“Joe Hockey has huffed and puffed in the Parliament about tackling multinational tax avoidance but continued to stall on a key initiative that would actually achieve this,” he said.

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Heat on Joe Hockey over tax deal

Treasurer Joe Hockey. Photo: Reuters

Labor has accused the government of procrastinating on a key measure to stop multinational companies shifting profits offshore.

It comes as the government prepares to chair the G20 finance ministers meeting in Cairns next week.

The information-sharing deal, part of the global push to tackle tax avoidance, has been signed by 40 countries, including Britain, the US and tax havens such as the Cayman Islands.

The Abbott government has delayed signing the deal to consult with business.

Advertisement

Companies such as Apple, Google, Ikea, and Glencore Xstratahave been accused of deliberately reducing their tax bills in Australia by relocating profits overseas.

Treasurer Joe Hockey warned last week that government would not stand “idly by” while multinationals avoided tax.

But Labor’s assistant treasurer spokesman Andrew Leighsaid the government was talking tough on tax dodging while avoiding action.

“Joe Hockey has huffed and puffed in the Parliament about tackling multinational tax avoidance but continued to stall on a key initiative that would actually achieve this,” he said.

Here is the original post:
Heat on Joe Hockey over tax avoidance deal as government prepares to host G20

WASHINGTON — There are more companies than people in the small state of Delaware. The reason is clear: the state offers companies low taxes, an efficient, pro-business legal environment, and it allows anyone to set up a company anonymously, registering a shell that hides who really controls it and controls the money within it.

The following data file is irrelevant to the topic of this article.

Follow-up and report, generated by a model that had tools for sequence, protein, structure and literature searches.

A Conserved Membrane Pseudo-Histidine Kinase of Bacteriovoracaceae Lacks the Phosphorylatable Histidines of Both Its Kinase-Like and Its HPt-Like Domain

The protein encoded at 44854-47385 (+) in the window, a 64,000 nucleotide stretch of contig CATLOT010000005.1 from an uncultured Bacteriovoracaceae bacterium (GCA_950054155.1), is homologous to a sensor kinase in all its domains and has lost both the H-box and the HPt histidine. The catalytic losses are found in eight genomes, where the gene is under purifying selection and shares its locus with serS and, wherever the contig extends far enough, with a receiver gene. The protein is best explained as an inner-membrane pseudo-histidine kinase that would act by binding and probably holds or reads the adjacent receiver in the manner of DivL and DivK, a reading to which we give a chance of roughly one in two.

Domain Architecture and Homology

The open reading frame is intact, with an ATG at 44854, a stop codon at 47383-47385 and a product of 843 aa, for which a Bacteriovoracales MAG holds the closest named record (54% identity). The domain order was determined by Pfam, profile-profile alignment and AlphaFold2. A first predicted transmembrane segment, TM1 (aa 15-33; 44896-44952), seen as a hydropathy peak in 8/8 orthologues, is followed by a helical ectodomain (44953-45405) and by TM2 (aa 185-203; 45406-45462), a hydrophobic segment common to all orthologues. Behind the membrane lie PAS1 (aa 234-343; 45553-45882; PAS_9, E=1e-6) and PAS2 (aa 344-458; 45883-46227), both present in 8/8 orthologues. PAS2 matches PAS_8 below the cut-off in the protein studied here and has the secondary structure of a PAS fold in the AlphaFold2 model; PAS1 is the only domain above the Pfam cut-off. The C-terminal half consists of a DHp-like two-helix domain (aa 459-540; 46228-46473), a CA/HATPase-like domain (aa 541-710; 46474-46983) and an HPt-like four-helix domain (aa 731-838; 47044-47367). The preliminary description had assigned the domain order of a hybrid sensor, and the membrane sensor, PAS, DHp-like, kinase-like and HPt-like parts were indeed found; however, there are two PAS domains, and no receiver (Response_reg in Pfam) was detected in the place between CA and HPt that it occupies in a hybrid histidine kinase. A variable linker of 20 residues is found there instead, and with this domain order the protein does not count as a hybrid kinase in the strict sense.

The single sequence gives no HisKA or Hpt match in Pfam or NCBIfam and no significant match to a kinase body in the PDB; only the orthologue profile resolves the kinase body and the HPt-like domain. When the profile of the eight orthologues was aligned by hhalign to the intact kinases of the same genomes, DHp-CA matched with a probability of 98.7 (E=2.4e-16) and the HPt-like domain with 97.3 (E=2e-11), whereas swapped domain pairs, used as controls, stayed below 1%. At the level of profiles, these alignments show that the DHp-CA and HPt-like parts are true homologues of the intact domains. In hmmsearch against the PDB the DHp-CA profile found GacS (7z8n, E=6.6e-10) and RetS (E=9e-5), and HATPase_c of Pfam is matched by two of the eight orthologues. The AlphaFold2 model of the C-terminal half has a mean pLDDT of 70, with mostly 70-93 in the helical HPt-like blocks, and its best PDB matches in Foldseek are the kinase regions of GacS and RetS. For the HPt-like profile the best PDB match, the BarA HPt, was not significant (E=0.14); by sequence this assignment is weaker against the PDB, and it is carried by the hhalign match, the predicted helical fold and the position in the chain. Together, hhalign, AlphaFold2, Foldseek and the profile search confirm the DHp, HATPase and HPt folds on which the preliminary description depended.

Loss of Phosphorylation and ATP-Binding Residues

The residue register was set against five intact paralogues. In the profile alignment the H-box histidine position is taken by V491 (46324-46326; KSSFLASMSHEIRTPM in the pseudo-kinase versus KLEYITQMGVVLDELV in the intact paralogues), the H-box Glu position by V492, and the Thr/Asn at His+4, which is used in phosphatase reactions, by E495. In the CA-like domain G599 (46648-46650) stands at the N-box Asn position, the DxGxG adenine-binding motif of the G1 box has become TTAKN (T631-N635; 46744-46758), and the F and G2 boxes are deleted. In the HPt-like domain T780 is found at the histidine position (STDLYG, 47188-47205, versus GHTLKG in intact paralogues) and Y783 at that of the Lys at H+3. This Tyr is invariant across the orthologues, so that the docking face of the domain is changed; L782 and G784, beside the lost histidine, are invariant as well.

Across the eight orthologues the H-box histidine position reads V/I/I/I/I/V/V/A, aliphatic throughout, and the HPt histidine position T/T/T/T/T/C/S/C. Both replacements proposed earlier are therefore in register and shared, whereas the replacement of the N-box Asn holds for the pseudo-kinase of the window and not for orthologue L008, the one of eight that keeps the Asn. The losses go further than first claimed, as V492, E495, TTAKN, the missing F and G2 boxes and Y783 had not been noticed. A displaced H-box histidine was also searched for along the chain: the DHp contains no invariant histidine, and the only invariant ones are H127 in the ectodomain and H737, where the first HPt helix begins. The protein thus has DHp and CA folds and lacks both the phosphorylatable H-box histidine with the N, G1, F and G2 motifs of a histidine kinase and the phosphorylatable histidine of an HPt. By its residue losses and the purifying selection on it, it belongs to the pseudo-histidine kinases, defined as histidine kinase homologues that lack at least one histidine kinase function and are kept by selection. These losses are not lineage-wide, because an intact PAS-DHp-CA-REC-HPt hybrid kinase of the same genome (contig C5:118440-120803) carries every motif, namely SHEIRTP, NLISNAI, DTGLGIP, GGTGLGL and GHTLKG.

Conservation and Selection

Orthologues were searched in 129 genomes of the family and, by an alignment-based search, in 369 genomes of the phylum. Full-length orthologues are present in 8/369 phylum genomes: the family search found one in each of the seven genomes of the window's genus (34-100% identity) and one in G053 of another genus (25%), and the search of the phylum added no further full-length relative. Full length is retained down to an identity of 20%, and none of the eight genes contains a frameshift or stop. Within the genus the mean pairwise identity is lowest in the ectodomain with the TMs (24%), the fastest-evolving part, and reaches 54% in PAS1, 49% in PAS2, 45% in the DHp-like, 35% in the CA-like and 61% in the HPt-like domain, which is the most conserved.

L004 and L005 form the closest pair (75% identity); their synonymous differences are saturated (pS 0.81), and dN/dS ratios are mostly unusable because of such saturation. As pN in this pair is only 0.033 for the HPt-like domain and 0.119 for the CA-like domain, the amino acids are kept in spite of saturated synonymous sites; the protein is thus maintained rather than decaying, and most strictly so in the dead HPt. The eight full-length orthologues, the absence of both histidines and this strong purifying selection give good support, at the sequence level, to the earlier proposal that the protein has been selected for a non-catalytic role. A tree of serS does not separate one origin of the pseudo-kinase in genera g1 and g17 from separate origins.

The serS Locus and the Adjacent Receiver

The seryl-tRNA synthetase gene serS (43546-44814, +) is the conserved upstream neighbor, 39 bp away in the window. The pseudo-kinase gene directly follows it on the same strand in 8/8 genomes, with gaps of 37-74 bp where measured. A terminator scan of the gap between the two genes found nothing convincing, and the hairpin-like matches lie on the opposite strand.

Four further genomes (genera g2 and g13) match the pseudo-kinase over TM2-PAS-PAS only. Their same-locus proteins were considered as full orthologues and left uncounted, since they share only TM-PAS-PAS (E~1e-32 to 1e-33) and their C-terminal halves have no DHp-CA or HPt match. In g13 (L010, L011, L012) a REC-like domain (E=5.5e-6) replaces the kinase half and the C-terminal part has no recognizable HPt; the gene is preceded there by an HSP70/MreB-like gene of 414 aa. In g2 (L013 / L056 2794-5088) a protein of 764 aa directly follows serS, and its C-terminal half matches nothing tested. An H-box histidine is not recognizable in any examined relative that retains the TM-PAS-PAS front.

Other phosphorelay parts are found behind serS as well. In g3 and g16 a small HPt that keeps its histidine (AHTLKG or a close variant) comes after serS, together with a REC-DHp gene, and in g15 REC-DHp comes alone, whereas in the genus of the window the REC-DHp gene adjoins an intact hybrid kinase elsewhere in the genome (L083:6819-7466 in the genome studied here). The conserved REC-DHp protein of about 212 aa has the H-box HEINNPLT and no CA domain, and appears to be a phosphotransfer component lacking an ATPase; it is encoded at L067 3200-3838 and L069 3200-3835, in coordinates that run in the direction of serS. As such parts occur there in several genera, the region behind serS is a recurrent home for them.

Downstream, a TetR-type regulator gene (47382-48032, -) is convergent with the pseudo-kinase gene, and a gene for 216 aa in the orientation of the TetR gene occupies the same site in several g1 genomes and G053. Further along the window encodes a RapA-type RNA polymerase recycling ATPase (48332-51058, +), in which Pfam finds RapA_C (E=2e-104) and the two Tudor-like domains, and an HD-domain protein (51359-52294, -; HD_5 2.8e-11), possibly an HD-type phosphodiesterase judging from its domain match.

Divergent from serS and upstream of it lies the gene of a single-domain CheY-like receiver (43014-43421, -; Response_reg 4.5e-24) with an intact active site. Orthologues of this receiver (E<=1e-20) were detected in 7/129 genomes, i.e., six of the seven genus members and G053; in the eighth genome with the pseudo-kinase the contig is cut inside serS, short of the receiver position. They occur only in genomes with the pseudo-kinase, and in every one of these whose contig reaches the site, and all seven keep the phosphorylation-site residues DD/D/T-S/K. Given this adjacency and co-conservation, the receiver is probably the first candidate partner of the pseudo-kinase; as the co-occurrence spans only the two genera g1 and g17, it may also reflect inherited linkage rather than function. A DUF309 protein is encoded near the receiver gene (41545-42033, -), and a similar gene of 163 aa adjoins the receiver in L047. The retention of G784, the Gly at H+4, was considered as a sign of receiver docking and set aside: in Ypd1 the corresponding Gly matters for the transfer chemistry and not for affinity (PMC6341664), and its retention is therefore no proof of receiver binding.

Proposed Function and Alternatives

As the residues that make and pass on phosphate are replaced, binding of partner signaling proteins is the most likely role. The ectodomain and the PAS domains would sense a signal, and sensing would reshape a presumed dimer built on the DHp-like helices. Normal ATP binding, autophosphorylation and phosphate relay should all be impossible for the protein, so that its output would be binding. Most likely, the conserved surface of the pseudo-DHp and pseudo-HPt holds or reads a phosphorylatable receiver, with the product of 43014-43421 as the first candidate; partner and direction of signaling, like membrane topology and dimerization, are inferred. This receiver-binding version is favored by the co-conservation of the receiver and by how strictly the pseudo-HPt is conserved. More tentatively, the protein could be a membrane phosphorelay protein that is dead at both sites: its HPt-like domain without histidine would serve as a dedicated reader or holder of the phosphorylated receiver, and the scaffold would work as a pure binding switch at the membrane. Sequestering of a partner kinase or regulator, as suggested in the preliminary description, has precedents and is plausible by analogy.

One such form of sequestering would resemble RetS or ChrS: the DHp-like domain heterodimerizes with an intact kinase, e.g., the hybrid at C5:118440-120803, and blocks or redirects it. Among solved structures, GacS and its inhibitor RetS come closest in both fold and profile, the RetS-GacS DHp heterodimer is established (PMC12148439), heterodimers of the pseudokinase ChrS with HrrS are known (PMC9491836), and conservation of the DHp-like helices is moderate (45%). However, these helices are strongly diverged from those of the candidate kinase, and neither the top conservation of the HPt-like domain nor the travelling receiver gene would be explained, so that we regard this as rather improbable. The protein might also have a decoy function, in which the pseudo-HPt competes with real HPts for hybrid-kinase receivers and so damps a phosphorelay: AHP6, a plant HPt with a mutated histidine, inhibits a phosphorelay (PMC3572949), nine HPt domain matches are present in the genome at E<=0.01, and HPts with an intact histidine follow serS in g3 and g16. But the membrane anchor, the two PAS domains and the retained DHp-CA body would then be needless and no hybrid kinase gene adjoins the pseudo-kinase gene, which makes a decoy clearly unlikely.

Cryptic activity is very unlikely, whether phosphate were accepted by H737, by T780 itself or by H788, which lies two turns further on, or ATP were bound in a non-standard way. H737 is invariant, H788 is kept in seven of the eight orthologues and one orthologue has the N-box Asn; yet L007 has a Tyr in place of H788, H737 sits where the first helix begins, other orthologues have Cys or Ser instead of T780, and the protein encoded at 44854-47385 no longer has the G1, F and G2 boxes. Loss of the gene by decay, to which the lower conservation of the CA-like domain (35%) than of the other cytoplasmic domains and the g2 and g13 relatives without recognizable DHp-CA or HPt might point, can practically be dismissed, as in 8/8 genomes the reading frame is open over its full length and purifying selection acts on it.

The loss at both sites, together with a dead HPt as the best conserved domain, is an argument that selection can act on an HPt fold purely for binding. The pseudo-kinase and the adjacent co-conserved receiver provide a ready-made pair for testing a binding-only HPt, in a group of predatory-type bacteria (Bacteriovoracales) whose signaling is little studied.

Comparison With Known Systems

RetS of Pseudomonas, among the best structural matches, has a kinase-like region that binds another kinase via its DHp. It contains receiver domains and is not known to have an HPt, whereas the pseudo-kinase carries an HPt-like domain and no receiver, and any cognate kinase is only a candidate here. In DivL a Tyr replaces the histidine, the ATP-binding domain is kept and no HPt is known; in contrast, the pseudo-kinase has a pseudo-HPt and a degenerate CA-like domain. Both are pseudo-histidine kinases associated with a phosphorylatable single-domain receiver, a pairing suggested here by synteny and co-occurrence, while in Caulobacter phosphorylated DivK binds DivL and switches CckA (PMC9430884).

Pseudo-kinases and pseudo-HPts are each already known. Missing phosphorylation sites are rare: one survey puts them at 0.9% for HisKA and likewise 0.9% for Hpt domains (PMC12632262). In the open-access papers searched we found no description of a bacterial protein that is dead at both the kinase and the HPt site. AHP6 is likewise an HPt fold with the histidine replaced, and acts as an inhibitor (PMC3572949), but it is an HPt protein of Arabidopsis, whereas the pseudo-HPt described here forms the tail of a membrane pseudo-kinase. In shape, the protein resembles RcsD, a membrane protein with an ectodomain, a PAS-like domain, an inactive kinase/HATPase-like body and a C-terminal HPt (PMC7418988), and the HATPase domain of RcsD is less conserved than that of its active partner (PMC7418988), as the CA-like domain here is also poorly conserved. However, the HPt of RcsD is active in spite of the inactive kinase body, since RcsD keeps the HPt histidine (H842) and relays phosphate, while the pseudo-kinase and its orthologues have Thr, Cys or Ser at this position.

That has now put Delaware, and other states that permit shell companies, in the sights of the U.S. authorities, after they have campaigned against international tax havens like Switzerland to fight tax dodging and money laundering.

Around two-thirds of the 500 largest U.S. companies, including Coca-Cola, Google and Walmart, are registered in the state, even as they operate from distant headquarters.

All they need in Delaware is a small mailbox, and they can enjoy the sweetheart environment it offers businesses.

And Delaware benefits substantially: the business of hosting businesses brought it $880 million in fees and taxes in 2013, 23% of the state budget.

But that same environment works for criminals as well. For just a few minutes and a few hundred dollars, anyone can register a company in the state without divulging the beneficial owner’s name. As in offshore tax havens, the state protects that secrecy.

“Most states require more documentation to get a library card or a driver’ license” than Delaware does to set up a company, John Kowalko, a state politician, said.

Most companies “take advantage of the system to do good, but some have ulterior motives.”

Delaware shell companies are hiding places for all kinds of miscreants. Viktor Bout, the infamous Russian arms dealer known as the “merchant of death”, established a number of Delaware-registered companies to mask his activities, as did the notorious Washington lobbyist Jack Abramoff, jailed for six years in 2006 for corruption.

One group of shell companies was set up to bilk millions of dollars from Medicare.

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Domestic Tax Haven, Delaware, Under Pressure

Tax Systems in Latin America and the Caribbean Work for the Benefit of the Elites, Oxfam

Poverty and inequality are not inevitable and do not drop out of the sky. The tax system design is a reflection of the political will of government officials to achieve a more equitable society or at least one with less inequality. Our analysis of the tax systems in the region shows that they are shaped to benefit economic and political elites and not the majority of the population, claims Rosa Caete Alonso, Oxfams Inequality Campaign Coordinator for Latin America and the Caribbean.

Latin America, the most unequal region

The governments of the region are not willing to pay the political price of improving the revenue collection of taxes on wealth. Therefore tax systems depend on consumption taxes, such as VAT, which ultimately affect poor people the most, Caete explains.